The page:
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Shirin Sadikot in Johannesburg

I don’t bowl to prove people wrong anymore: Morkel

Daredevils’ bowling spearhead reveals the secret of his recent rapid growth

There’s no bowler in world cricket who has improved in the last couple of years as much as Morne Morkel has. When he came into the limelight, Morkel was a tall, tearaway fast bowler who looked to bounce the batsman out off every delivery and at times, ended up being erratic and inconsistent. Today, he is still a tall, tearaway fast bowler with bounce as his premier strength but he has added more skills and calmness to his repertoire.

The big display of Morkel’s improved self came during IPL 2012 where he emerged as the Delhi Daredevils’ major weapon on the batsman-friendly Indian pitches. His 25 scalps in 16 matches at an economy rate of 7.19 gave DD the top spot on the points table going into the knockouts. Morkel was the highest wicket-taker of the tournament.

The numbers are impressive, but more so was the control he had over his bowling. Instead of banging in every ball short, he bowled a fuller length and developed variations, which are such a crucial part of bowling in T20 today.

Back with his IPL franchise, for the CLT20 – and to his utter delight, in his own country – Morkel shared the secrets of his recent growth as a bowler with clt20.com. He revealed the areas he has worked on and said how he doesn’t bowl to “prove people wrong” anymore and enjoys his game to the hilt.

Excerpts:

You’re back home and back with the Daredevils. Happy about that?

It’s the CLT20 and it’s happening in my country. I’ve been on the road for a while travelling with the South African team. It’s so nice to get back home, play in front of my own people and for a quality team like the Delhi Daredevils. Hopefully, we can have a good start and entertain the people.

Also as a fast bowler, would you rather bowl on these wickets than the Indian ones?

I don’t really mind. It’s always really nice to have home advantage. But over the years I’ve adjusted and learned a lot of skills of bowling on subcontinent wickets.

Pace bowling is one of DD’s main strengths. It’s not a bad strength to have on South African pitches.

Yeah, it’s early in the season in South Africa and so the pitches will be fresh and good for fast bowling. So, it’s a pity we don’t have Varun Aaron. He’s injured and I think we’re going to miss him quite a lot. But it’s quite different playing on the coast and on the Highveld as the conditions change quite a lot.

Despite being the tournament’s highest wicket-taker, you sat out the semi-final in IPL 2012. You don’t see that happening in these conditions, do you?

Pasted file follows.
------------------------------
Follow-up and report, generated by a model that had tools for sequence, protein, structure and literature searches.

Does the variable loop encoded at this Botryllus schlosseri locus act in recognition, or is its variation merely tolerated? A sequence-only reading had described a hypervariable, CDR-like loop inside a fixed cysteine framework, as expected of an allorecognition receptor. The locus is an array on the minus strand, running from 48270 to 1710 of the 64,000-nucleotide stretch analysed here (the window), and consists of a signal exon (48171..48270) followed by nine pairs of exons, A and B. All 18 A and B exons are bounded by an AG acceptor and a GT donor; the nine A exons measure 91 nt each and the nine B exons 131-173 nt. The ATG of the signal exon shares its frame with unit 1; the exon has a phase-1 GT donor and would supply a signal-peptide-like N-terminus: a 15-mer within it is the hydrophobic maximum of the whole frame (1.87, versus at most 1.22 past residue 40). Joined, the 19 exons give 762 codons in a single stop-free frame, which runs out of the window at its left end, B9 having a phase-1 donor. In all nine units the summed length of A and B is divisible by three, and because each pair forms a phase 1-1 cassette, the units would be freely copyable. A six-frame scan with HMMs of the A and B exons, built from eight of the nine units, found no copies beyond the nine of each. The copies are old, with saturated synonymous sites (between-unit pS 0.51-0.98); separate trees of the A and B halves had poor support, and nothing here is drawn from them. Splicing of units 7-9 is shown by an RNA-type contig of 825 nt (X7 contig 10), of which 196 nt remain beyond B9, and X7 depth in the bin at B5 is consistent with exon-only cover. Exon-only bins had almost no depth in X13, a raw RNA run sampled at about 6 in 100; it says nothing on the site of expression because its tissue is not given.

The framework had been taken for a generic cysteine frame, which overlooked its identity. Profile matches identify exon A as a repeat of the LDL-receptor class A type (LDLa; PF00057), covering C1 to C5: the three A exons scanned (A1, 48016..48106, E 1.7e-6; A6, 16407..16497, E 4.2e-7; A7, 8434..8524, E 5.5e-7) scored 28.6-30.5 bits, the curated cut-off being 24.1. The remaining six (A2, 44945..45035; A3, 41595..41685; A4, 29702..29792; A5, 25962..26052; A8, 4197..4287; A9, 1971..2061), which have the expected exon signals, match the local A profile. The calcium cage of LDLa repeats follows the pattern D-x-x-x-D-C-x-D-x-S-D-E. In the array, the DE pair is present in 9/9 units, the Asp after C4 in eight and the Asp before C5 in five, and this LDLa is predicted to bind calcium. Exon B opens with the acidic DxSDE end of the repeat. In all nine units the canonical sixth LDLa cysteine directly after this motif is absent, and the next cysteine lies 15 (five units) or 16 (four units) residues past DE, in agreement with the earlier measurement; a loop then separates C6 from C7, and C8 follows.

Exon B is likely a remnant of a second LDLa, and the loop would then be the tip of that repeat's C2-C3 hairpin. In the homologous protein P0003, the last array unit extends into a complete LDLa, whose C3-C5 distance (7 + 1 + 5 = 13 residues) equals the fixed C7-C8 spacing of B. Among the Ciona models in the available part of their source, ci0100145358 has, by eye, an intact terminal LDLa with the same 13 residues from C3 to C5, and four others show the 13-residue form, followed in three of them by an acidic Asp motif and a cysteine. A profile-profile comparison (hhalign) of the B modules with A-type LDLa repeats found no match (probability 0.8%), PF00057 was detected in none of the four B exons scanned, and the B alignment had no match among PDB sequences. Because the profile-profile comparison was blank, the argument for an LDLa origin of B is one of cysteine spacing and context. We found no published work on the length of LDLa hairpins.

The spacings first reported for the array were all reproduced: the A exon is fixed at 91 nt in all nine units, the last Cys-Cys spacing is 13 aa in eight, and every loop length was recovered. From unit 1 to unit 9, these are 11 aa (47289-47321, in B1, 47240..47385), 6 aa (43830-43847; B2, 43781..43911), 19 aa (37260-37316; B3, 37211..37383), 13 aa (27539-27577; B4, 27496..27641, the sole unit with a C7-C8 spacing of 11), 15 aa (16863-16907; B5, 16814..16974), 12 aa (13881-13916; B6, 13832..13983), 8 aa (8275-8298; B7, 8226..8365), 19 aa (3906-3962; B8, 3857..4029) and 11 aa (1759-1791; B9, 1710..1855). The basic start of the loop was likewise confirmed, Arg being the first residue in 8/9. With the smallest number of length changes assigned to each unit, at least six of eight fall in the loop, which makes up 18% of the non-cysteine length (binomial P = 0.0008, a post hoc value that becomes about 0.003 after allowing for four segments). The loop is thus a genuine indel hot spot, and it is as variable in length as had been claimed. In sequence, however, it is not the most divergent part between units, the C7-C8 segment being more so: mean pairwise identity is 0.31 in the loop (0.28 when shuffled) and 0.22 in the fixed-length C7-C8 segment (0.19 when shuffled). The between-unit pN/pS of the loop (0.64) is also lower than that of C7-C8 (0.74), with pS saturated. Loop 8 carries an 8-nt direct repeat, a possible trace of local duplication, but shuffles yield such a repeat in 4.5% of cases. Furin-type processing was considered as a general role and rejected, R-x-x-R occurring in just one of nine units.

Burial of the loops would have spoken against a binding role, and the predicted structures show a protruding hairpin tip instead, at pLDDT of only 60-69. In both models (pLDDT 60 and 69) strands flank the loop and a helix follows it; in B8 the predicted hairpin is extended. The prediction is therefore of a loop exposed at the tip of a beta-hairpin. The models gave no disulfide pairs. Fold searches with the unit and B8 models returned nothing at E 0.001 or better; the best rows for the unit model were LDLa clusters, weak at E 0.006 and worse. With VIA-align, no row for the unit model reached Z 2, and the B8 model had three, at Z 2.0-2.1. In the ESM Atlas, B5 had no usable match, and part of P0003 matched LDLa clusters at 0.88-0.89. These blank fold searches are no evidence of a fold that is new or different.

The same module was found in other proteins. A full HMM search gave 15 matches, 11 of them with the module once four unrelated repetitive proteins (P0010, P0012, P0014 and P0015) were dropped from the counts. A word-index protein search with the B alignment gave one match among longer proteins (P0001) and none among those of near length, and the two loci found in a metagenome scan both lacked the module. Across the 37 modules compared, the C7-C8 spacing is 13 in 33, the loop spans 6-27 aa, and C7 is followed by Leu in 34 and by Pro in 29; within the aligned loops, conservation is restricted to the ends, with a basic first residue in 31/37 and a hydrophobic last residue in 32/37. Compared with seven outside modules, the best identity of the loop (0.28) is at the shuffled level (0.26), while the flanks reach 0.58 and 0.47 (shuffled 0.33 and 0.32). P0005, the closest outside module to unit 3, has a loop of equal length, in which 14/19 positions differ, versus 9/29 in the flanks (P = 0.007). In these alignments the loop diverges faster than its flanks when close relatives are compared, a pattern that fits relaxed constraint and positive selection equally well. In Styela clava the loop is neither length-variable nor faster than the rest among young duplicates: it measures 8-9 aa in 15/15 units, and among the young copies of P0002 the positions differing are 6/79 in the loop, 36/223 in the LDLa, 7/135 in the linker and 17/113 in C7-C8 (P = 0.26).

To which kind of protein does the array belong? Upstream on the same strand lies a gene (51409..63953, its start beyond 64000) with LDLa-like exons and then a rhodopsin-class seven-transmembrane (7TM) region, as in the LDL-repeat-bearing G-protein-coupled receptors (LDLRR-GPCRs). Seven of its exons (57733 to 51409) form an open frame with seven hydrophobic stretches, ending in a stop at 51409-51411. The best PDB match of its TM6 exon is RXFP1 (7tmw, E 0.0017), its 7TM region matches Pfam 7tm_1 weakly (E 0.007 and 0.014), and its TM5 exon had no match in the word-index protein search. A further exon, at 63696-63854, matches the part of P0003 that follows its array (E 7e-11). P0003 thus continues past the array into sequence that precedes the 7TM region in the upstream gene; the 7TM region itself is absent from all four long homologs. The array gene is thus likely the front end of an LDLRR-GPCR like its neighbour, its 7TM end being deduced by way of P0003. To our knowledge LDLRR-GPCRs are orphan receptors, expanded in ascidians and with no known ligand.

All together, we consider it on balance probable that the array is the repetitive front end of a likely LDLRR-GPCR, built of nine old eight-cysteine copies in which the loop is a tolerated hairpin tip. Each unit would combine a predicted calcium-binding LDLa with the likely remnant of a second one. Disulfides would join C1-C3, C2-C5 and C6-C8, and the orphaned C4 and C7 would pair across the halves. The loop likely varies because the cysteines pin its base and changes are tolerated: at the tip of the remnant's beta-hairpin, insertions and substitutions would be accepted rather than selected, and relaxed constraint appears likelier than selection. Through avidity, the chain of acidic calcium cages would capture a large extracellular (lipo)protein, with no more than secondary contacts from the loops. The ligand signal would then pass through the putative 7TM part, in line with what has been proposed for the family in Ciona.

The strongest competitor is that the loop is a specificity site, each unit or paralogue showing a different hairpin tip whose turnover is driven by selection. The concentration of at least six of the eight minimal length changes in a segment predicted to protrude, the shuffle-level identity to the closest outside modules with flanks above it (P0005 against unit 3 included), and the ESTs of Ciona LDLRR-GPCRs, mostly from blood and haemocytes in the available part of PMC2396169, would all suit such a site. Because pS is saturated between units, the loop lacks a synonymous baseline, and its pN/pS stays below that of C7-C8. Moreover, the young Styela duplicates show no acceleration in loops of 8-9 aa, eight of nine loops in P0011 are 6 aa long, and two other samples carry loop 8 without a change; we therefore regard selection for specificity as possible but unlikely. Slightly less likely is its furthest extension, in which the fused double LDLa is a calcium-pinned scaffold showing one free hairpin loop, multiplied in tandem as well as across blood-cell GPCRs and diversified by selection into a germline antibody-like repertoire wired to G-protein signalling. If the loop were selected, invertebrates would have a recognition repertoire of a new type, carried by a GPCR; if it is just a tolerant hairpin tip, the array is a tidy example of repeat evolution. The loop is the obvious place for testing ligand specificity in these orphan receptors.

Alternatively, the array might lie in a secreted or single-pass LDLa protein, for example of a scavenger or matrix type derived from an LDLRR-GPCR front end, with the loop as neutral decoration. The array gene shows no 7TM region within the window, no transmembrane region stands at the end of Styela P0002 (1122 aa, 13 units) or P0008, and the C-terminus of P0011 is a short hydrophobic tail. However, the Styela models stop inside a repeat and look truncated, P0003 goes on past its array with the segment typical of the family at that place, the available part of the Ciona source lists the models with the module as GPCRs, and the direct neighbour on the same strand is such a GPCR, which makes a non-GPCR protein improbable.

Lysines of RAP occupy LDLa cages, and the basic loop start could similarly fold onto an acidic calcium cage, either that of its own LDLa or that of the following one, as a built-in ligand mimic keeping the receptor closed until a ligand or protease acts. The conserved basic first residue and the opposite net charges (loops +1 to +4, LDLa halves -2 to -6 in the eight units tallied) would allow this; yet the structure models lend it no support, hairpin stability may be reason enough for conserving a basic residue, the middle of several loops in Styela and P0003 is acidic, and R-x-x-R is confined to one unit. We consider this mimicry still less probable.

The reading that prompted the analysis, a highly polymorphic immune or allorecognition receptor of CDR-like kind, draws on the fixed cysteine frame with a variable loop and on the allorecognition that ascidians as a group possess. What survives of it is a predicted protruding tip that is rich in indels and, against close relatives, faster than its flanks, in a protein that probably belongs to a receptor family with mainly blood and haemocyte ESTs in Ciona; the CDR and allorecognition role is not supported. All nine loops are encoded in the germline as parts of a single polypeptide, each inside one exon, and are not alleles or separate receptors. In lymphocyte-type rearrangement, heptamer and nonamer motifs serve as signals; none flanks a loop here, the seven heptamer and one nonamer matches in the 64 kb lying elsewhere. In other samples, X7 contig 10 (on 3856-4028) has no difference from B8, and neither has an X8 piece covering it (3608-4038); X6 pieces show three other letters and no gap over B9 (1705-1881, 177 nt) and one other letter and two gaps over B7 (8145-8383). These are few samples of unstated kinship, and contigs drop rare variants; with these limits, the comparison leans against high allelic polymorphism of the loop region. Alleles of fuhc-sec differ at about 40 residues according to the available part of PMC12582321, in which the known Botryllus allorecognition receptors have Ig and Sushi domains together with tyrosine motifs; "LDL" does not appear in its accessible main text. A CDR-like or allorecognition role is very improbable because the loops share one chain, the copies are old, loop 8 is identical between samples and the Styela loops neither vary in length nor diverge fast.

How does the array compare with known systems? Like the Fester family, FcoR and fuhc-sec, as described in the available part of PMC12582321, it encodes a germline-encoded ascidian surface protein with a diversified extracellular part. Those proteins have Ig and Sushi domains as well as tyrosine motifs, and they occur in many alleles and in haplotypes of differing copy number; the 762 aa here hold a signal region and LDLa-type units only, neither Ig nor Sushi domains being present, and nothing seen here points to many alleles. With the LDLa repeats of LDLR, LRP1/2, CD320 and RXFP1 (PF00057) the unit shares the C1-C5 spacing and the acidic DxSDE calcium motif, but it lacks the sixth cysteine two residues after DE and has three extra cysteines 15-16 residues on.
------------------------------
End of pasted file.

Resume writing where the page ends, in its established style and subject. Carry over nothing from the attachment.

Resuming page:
I can’t control those things. Whatever the management decides is best for the team, I need to accept that and be a good team man. If they want to accommodate an extra batsman – it’s never nice but if that’s what the team needs – so be it. The only way a team can move forward is when you take your personal victories aside and think about the team.

In the Proteas team you have someone like Dale Steyn to lead the way, while at DD you’re the spearhead. How do you adjust to the changing role?

As a senior bowler in the team, I should let guys like Umesh [Yadav] make their own mistakes and find their feet. That’s the only way they’re going to grow. I just try and put my best foot forward in my bowling and maybe advise the guys on the field in pressure situations. But I think it’s important for me to take that label of the spearhead off and let the other guys also see the importance of their role. That’s how the team is going to grow.

What is your advice to your fellow pacers like Irfan Pathan and Umesh Yadav?

I think Irfan has done fantastically well in the past year or so. He’s back in the Indian team and is swinging the ball well. I’d just ask him to keep things as simple as possible. When the conditions are helpful for you, you shouldn’t try to over think and just bowl your best delivery. It’s just about bowling to your own skills and strengths.

Let’s talk about your bowling. You’ve improved by leaps and bounds in the last year or two. What would you credit this success to?

I have worked on my game but the most important thing for me was to just focus my energy on the mental side of things. There was lot of pressure on me due to my inconsistencies. And the harder I tried to prove people wrong, the deeper I got into trouble. As soon as I started focusing my energy on just enjoying my cricket, the results went my way. When I go on the field now, I’m much more relaxed and there’s no huge burden on my shoulders. I’m enjoying my game, accepting the failures and trying to improve every day.

Did you work on your length as well?

I think my length’s been good but I’m a guy who thrives on bounce. I’m not someone like Dale Steyn who bowls a touch fuller and swings the ball. Since I don’t swing the ball, for me my lengths are very, very crucial.

Being a tall, fast bowler, do you believe in the varieties that bowlers come up with – the slower ones, cutters, etc.?

I think you need to be one step ahead of the batsman. You need to have plan B and be able to have various skills to outthink the batsman. Nowadays, you can’t even afford to bowl six yorkers in a row because the batsmen have come up with the reverse sweeps and all sort of fancy shots. If you look at a guy like AB de Villiers, he can hit the ball 360 degrees; he can score anywhere. So, where do you bowl? It’s a big challenge, but it’s also something that motivates you to go on the field and compete.

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